Malnutrition ...is often underestimated

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Malnutrition

The incidence of malnutrition in hospitalized patients is often underestimated. Malnutrition has a strong impact on morbidity and length of hospital stay, health care costs etc. Up to 60% of patients in hospitals are suffering from malnutrition which is often the cause for serious complications such as an increasing risk of sepsis, infection, inflammation or organ failure. The consequences of these complications are, for example, reduced wound healing leading to a significantly increased morbidity and mortality. To avoid these consequences an appropriate nutritional therapy is an indispensable method of treatment especially for critically ill patients.

The right nutrition therapy (enteral and/or parenteral nutrition) will not only minimize the risk of morbidity and mortality by strengthening your patients immune system and organ functions, but also could lead to a faster recovery. This will reduce the duration of hospital stay and in the end the costs for treatment.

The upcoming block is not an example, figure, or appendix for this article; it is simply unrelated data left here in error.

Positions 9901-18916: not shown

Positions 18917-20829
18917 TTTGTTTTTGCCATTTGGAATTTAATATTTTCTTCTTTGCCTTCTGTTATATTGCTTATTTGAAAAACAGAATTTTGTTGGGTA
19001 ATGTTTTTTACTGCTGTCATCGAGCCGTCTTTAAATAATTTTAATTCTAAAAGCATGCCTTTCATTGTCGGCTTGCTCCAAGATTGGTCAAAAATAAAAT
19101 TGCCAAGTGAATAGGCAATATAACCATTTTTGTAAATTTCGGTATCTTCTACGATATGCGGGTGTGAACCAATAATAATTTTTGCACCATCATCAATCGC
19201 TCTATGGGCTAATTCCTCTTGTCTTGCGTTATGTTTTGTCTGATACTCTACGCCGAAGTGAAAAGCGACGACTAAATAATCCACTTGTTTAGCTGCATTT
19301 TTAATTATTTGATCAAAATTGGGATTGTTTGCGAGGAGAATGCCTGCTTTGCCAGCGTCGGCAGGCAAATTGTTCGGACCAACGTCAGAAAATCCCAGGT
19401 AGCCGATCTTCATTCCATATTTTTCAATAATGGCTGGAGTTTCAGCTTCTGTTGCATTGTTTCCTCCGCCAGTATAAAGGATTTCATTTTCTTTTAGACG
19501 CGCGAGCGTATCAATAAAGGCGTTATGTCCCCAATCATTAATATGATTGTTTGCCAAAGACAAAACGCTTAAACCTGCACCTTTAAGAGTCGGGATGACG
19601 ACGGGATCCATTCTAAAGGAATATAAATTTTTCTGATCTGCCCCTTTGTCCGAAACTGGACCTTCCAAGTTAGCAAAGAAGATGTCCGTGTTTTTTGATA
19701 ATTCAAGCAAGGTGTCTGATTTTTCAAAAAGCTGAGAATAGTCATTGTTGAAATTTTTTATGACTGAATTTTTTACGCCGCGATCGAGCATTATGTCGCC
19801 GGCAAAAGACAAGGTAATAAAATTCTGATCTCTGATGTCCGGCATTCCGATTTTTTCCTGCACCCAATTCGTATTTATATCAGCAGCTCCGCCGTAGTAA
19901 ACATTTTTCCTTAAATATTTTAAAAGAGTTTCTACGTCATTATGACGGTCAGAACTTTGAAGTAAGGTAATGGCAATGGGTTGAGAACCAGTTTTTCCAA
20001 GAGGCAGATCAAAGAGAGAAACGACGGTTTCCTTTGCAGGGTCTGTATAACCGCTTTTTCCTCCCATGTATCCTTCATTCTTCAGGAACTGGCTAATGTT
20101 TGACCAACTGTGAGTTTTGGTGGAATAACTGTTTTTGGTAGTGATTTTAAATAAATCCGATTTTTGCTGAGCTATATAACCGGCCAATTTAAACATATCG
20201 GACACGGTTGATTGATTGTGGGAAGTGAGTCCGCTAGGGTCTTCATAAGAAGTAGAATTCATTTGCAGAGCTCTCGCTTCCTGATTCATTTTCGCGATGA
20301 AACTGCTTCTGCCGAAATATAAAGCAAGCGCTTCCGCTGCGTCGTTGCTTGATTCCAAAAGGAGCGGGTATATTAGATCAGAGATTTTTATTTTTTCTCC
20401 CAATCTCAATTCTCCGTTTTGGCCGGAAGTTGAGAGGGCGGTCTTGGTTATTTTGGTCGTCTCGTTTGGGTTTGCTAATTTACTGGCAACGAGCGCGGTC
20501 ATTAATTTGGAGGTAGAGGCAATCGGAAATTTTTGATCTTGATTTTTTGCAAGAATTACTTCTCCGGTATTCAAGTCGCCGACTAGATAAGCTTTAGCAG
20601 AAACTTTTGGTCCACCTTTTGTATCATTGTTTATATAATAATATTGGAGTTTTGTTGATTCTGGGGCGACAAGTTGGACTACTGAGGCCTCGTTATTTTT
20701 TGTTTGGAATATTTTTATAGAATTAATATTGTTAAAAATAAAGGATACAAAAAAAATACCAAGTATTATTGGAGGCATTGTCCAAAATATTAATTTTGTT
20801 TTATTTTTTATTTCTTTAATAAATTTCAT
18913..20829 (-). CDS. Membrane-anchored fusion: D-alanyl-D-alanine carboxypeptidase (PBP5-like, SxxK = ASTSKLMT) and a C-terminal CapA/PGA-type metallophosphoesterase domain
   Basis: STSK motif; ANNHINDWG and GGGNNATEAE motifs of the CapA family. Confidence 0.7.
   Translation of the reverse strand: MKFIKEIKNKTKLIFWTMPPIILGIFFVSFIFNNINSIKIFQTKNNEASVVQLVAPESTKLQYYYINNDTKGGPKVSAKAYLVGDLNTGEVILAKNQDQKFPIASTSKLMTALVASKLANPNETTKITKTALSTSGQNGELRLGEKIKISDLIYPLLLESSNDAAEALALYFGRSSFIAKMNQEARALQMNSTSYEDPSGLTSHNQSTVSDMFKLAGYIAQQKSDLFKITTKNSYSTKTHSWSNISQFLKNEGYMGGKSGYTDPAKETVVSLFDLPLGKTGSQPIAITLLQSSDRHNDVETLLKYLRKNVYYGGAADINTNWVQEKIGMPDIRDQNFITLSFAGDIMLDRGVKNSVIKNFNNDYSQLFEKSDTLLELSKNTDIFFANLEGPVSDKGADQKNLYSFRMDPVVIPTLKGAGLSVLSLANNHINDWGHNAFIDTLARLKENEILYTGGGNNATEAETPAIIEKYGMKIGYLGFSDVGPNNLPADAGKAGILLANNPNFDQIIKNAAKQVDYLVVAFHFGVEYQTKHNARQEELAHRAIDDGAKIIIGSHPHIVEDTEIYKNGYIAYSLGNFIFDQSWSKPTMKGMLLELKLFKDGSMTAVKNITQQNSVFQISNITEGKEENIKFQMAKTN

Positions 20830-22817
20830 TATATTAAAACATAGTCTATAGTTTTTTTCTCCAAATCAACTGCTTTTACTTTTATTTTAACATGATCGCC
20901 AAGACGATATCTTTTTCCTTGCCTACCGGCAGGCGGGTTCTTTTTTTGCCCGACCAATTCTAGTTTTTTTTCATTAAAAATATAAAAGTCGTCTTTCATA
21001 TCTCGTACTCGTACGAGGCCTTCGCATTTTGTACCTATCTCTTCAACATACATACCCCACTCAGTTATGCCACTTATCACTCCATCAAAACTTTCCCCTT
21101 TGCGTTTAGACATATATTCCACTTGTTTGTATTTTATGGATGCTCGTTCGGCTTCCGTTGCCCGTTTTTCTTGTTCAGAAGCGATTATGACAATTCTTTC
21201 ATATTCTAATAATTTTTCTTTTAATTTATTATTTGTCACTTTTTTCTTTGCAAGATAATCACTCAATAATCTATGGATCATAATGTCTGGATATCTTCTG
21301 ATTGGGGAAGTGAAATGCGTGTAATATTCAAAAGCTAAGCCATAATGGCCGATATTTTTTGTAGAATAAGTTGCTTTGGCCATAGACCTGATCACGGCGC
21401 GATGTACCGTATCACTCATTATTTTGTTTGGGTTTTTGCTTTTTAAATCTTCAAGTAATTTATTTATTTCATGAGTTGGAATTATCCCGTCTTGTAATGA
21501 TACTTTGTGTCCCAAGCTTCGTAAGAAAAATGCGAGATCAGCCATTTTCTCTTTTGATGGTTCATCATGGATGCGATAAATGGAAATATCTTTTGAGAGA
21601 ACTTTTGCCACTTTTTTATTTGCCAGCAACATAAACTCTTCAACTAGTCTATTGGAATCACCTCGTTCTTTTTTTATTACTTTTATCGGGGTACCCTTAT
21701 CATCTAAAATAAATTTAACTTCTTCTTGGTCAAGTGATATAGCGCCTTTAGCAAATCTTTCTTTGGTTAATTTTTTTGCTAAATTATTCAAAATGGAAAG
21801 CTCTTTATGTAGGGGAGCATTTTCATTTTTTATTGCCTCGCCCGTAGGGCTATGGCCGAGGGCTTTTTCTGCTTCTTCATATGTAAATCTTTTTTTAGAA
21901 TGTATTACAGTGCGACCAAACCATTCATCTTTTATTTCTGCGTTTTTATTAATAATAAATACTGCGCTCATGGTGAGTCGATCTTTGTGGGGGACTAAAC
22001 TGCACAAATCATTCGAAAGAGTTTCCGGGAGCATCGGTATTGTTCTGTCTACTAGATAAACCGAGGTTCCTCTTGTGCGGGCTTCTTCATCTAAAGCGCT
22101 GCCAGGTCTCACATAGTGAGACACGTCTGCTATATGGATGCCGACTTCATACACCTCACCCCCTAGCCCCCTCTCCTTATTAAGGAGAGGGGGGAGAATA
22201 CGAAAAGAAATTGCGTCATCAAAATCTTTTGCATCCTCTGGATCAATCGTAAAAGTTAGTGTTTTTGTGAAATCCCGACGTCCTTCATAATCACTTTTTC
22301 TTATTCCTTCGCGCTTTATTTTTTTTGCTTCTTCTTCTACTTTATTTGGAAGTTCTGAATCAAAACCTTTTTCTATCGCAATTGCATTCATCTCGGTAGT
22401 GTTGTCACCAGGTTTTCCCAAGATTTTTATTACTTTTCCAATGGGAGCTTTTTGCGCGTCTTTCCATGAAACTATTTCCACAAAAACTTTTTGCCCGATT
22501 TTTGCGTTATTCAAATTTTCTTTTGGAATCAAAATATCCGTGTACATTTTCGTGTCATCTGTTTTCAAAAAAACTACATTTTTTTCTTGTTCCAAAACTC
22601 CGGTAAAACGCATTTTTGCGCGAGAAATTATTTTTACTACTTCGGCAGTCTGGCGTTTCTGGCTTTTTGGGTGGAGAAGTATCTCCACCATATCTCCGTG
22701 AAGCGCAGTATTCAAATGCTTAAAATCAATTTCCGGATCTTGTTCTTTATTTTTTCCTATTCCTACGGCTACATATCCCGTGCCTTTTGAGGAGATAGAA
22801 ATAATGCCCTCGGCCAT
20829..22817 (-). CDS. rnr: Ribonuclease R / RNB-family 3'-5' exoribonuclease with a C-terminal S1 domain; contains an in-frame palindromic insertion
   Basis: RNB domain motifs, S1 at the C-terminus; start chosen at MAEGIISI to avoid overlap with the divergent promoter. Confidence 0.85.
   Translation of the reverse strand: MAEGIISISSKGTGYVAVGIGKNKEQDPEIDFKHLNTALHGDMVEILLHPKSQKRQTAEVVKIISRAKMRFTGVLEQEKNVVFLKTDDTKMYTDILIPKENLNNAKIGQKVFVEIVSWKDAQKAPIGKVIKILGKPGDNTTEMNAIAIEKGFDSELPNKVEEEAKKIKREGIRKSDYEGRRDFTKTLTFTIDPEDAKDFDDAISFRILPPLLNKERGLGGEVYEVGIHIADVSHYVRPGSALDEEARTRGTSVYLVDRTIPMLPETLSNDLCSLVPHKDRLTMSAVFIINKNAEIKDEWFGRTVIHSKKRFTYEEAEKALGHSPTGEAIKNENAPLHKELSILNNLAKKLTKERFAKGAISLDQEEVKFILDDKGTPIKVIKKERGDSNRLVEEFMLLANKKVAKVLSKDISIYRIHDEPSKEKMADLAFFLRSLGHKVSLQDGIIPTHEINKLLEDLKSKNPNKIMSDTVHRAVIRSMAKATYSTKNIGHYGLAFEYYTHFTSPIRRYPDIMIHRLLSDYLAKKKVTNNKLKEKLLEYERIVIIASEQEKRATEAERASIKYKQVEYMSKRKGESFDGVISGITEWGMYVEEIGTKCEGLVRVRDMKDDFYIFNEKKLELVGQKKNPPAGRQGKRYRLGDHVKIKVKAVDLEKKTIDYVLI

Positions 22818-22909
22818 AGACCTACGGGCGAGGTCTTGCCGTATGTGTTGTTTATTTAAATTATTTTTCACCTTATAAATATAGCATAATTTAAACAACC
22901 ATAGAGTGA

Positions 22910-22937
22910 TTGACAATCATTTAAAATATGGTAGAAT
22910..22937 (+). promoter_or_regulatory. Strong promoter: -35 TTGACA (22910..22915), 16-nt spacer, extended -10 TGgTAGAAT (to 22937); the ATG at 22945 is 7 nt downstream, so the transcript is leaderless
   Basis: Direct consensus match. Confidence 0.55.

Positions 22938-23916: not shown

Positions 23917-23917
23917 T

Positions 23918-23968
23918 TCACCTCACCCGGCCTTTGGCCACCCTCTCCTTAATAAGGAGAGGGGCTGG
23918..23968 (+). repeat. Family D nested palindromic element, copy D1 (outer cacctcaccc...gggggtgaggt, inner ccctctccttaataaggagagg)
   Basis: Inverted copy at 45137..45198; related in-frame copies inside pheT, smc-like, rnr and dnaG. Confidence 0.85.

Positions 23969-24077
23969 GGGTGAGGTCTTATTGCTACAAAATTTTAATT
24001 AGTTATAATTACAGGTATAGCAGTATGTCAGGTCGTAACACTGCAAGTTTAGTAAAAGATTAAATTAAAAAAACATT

Screening of Malnutrition

A simple screening of risk groups and a systematic nutrition therapy of these patients can improve the nutritional status and may reduce the risks associated with malnutrition. Therefore, the determination of the nutritional status should be part of each physical examination in order to identify patients at risk of malnutrition, to evaluate their risk and to define individual nutrition therapy.
There are a number of different valuable screening tools available, such as the NRS-2002 (Nutrition Risk Screening), the  `Must´ (´Malnutrition Universal Screening Tool´) and the SGA (Subjective Global Assessment).

Consequences of malnutrition:

  • Increased length of hospital stay 
  • Increased morbidity and mortality 
  • Increase in infectious complications 
  • Reduced wound healing
  • Increased healthcare costs